After a 2020-2021 school year that included a hybrid of remote and in-person instruction, masks, social distancing and other protocols to protect against the spread of COVID-19, area college officials say students returning for fall classes will have a more typical campus experience.

“The goal is to make it much more usual, or customary,” said interim University of New England Provost Karen Pardue.

UNE, the University of Southern Maine, Bowdoin College, Southern Maine Community College and Saint Joseph’s College are among the more than 675 U.S. colleges and universities that will require students and staff to be vaccinated against COVID-19 as classes start up again.

A return to normalcy already is being seen on UNE’s Portland campus, Pardue said. Graduate students in the College of Dental Medicine, College of Pharmacy and the Westbrook College of Health Professions programs fully returned to the Stevens Avenue campus this spring and summer and students at the Biddeford campus are expected to do the same later this month.

“It’s so exciting to see the campus buzzing with students again,”  she said.

University of Southern Maine President Glenn Cummings said students and staff are “overjoyed” to return to the school’s Gorham and Portland campuses and reconnect in person. Close to 80% of classroom instruction over the last year and a half was conducted online due to the pandemic. Cummings estimates 75% of classes for the 2021-2022 school year will return fully to in-person.

“COVID has put us in a position where some of the social supports and connections that make a strong campus culture were diminished, so there are a lot of excitement getting back on campuses,” he said.

The University of Maine system announced last week that students throughout the system, which includes the University of Southern Maine and the University of Maine School Law in Portland, will have to be vaccinated to live, attend classes or participate in sports or activities on campuses.

“The time has come that we, by necessity, must require our students to be vaccinated,” Chancellor Dannel P. Malloy said Aug. 4.  The decision, he added, was made “based on public health and the science that presented itself.”

Student who receive medical or religious exemption or those who are  in the process of becoming fully vaccinated when classes resume Aug. 30 will be required to participate in asymptomatic screening, wear a mask and abide by other safety protocols in order to participate in on-campus activities. Otherwise, unvaccinated students will not be allowed on campus.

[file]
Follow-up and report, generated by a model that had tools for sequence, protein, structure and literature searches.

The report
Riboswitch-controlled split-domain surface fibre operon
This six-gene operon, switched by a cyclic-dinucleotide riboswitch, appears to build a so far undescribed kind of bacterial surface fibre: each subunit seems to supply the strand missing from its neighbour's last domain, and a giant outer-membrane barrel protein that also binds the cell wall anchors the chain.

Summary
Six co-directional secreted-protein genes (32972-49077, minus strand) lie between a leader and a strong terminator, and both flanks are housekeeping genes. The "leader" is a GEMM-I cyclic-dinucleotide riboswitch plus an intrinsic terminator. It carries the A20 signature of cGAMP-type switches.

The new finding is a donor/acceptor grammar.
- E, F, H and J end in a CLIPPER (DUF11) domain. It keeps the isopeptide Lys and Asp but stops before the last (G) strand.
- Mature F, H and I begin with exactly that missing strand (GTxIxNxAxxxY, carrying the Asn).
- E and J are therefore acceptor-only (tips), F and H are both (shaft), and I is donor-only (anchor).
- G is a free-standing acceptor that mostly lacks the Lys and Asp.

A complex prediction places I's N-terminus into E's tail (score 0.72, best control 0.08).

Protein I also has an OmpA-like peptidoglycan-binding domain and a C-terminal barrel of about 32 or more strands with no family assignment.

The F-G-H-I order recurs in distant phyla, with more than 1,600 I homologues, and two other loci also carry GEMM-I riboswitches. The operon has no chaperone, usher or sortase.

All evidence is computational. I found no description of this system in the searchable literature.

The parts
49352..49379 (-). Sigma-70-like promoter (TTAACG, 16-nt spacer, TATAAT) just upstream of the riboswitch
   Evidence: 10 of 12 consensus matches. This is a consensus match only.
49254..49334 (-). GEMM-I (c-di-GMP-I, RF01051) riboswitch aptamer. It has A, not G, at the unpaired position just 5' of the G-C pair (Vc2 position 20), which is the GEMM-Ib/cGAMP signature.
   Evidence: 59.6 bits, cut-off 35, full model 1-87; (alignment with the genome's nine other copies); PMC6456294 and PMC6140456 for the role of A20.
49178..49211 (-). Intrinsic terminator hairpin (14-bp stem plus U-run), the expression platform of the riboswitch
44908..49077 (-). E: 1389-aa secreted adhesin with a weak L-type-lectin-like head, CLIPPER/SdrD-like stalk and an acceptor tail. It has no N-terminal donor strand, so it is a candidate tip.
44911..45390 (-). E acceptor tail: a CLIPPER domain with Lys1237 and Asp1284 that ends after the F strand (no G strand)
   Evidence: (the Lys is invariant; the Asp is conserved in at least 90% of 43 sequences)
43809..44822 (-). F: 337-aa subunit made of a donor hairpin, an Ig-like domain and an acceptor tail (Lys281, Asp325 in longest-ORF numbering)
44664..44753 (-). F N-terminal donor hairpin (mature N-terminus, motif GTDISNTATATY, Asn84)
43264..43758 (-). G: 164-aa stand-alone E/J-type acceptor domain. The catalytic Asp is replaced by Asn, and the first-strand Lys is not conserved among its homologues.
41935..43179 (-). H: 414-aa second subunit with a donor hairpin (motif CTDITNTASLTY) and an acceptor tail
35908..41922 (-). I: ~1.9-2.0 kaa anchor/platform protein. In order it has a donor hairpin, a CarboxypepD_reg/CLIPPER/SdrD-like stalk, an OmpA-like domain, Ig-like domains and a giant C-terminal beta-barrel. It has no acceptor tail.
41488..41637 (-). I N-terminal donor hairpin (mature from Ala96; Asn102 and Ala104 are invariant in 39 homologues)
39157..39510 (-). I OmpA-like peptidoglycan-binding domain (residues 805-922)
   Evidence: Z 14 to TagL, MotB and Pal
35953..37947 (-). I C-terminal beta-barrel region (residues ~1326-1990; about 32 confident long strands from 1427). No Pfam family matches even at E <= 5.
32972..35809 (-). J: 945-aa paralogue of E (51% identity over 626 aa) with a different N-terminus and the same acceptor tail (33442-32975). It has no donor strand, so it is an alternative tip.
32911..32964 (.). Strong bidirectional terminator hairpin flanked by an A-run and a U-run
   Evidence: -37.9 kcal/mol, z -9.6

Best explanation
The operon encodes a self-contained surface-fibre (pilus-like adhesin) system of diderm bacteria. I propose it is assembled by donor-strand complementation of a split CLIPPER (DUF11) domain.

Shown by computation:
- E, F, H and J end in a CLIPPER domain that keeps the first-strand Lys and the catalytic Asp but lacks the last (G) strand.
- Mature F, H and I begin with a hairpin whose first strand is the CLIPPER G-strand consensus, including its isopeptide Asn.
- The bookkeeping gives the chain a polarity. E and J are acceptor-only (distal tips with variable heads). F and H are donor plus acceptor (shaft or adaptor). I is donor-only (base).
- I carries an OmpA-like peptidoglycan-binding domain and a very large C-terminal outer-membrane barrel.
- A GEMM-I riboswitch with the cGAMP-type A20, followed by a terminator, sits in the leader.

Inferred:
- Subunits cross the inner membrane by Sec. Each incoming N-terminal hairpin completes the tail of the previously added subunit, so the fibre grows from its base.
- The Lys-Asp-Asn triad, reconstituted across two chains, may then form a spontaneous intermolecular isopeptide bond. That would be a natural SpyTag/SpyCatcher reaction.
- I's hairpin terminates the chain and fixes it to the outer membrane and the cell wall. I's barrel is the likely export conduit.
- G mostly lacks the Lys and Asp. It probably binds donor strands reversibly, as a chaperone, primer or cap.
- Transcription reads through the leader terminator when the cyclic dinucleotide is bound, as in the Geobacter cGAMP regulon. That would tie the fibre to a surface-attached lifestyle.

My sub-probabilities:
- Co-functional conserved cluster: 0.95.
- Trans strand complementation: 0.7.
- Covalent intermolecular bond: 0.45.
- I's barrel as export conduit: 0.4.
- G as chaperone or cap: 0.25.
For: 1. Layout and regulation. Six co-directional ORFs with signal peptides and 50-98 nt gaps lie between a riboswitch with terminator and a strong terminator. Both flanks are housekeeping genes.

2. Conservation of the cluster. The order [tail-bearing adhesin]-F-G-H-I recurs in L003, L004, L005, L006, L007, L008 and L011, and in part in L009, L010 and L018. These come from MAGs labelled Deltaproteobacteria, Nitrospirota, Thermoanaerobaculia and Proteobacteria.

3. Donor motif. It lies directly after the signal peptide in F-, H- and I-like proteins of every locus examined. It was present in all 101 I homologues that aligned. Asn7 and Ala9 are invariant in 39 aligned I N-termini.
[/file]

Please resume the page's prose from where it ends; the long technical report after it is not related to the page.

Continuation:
Cummings said the vaccination requirement allows USM to lift building capacity restrictions, including for the dorms in Gorham.

Like at USM, students at UNE, Saint Joseph’s College in Standish and Bowdoin College in Brunswick, will not be asked to wear a mask and social distancing will not be required.

At Southern Maine Community College campuses in South Portland and Brunswick, some classes will return to in-person this fall, but most will still be offered online.

The Maine Community Colleges Board of Trustees updated the COVID-19 safety protocols Aug. 12 to require all students attending classes in person to be vaccinated against COVID-19. That may also be required for staff as well. Conversations with employee bargaining units are underway.

“The safety of our faculty, staff and students has been our top priority throughout the pandemic. The latest information about the delta variant makes it clear we must require vaccinations to keep our community as safe as possible,” MCCS President David Daigler said.

Students must show proof that they have received at least one dose of a vaccine prior to the first day of their in-person classes and proof of the second shot no later than 30 days after the date of their first class. Classes begin at the school Aug. 30.

Returning students to full in-person instruction, Pardue said, is critical to UNE instruction because  many of the programs focus on “hands-on and experiential learning.”  It is difficult to teach someone in the health sciences or the marine programs, for example, to use equipment or practice technique “without having them in a lab,” she said.

“For many students, having that ability to connect with professors so you can ask for help and being able to connect with other students is something that is very much built into the in-person experience,” Cummings said.

Local university officials are hoping vaccinations will curb the spread of the virus, but Pardue and Cummings said contingency plans are in place in case virus protocols, such as masking, have to be reinstated.

On Aug. 5, the Centers for Disease Control listed Cumberland County as a place of substantial community spread of COVID and city officials in Portland are recommending individuals wear masks inside again even if they are vaccinated.

“If 2020 taught us anything, it it is think about the unexpected because it might just happen,” Pardue said.

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